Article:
This week a relic of St Francis Xavier is visiting schools and parishes around the Archdiocese of Brisbane. 

Francis Xavier was born in 1506 in Spain.  While studying in Paris he met Saint Ignatius of Loyola, became one of the first Jesuits, and went to Goa (India) as a missionary.  Francis travelled extensively through southeast Asia, winning many converts. 

The relic, a forearm, is rarely taken from its home in the main Jesuit church in Rome but is touring Australia for 3 months as part of the celebration of the Year of Grace.

The visit of relics is challenging to those who feel uncomfortable about venerating parts of the body of a saint. 

In the early church, altars were constructed over the tombs of martyrs; medieval cathedrals often have an altar built over the bones of the saintly founder/bishop.  In these cases there is a clear connection with the tradition of faith in a particular place.

The 1977 Rite of Dedication of a Church and an Altar affirms the tradition of placing relics beneath the altar but insists that the greatest care be taken to determine whether the relics in question are authentic.  It is better for an altar to be dedicated without relics than to have relics of doubtful authenticity placed beneath it. (#5)

A relic belongs beneath the altar, not on or set into the table of the altar. The rite quotes a letter of Ambrose on the relationship between the martyr and Christ:  Let the triumphant victims rest in the place where Christ is victim: he however who suffered for all, upon the altar; they who have been redeemed by his suffering, beneath the altar.  As we celebrate the Eucharist at the altar, a relic helps us make the link between the liturgy and a holy Christian life.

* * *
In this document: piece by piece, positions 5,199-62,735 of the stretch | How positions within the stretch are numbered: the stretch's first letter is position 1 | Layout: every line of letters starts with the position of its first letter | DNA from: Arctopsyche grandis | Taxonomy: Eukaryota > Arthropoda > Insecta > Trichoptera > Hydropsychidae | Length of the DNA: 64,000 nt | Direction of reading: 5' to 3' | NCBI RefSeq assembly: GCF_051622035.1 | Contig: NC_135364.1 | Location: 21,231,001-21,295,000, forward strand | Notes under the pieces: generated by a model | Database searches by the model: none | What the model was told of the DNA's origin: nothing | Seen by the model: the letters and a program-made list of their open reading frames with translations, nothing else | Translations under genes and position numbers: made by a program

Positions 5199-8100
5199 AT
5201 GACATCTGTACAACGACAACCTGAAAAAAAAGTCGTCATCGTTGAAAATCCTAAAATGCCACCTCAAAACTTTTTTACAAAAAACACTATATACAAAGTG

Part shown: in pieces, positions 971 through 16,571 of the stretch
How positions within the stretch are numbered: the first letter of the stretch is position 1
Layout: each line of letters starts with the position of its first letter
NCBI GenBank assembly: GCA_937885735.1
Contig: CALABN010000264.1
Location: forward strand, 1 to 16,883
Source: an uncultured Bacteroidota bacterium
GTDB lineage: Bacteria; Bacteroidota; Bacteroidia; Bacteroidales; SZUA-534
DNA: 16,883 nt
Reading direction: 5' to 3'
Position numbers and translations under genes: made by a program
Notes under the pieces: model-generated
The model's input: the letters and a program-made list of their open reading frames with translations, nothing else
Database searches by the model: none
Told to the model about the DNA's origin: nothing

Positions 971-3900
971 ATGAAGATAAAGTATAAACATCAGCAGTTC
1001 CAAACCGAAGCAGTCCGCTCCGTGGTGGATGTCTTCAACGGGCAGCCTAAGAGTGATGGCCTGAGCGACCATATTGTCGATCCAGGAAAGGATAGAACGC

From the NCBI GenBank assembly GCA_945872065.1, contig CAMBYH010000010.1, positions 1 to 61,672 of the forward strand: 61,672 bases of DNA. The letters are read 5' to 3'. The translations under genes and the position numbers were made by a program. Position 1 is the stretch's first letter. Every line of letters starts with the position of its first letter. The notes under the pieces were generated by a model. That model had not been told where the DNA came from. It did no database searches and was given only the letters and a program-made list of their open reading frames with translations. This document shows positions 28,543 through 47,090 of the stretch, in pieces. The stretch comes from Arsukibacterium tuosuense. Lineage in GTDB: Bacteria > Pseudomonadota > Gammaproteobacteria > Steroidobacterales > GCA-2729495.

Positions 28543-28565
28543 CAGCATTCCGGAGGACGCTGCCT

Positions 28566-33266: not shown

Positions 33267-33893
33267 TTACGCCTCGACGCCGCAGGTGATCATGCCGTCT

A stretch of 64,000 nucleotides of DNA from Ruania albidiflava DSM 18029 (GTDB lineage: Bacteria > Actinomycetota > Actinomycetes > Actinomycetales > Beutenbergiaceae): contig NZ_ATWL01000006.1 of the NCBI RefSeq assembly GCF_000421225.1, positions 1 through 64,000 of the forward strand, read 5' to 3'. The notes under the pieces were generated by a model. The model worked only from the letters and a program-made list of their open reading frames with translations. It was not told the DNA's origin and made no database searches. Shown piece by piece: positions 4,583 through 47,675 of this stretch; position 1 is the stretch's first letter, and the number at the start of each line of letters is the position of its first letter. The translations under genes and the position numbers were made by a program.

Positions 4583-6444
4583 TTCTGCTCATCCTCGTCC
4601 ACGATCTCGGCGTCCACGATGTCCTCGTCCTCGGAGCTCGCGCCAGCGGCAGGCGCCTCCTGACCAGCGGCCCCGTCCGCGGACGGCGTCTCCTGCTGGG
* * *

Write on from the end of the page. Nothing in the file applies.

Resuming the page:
There are obvious difficulties with respect to obtaining significant relics in Australia.  Apart from the tomb of Mary MacKillop at Mount Street in North Sydney, they are extremely scarce.  Consequently, relics have not played a large role in popular devotion in this country.  No doubt, for Australian Catholics of European background, this lack has been a test of faith.

The idea of dividing the remains of a martyr or other saint into multiple relics is generally viewed by Catholics in Australia today with some repugnance.  For us, veneration of the dead demands respect for the integrity of the dead person’s remains.  However, customs vary and practices change.  We have now come to accept cremation, whereas half a century ago it was widely regarded as offensive to Christian faith in the resurrection.  Dividing the bones of a saint is meant to multiply and spread the veneration and devotion surrounding the holy person.

As we receive the relics of St Francis Xavier and reflect upon the place of popular piety in Catholic life, we should guard against an unseemly preoccupation with miracles or superstition.  Rather we remember that with this arm, Francis always pointed towards Christ, bringing many thousands in India and Japan into the Church.

The witness of his poverty continues to inspire and his tireless efforts as a missionary serve as a model of particular relevance at this time when the Church is calling for a “new evangelisation”.


Elizabeth Harrington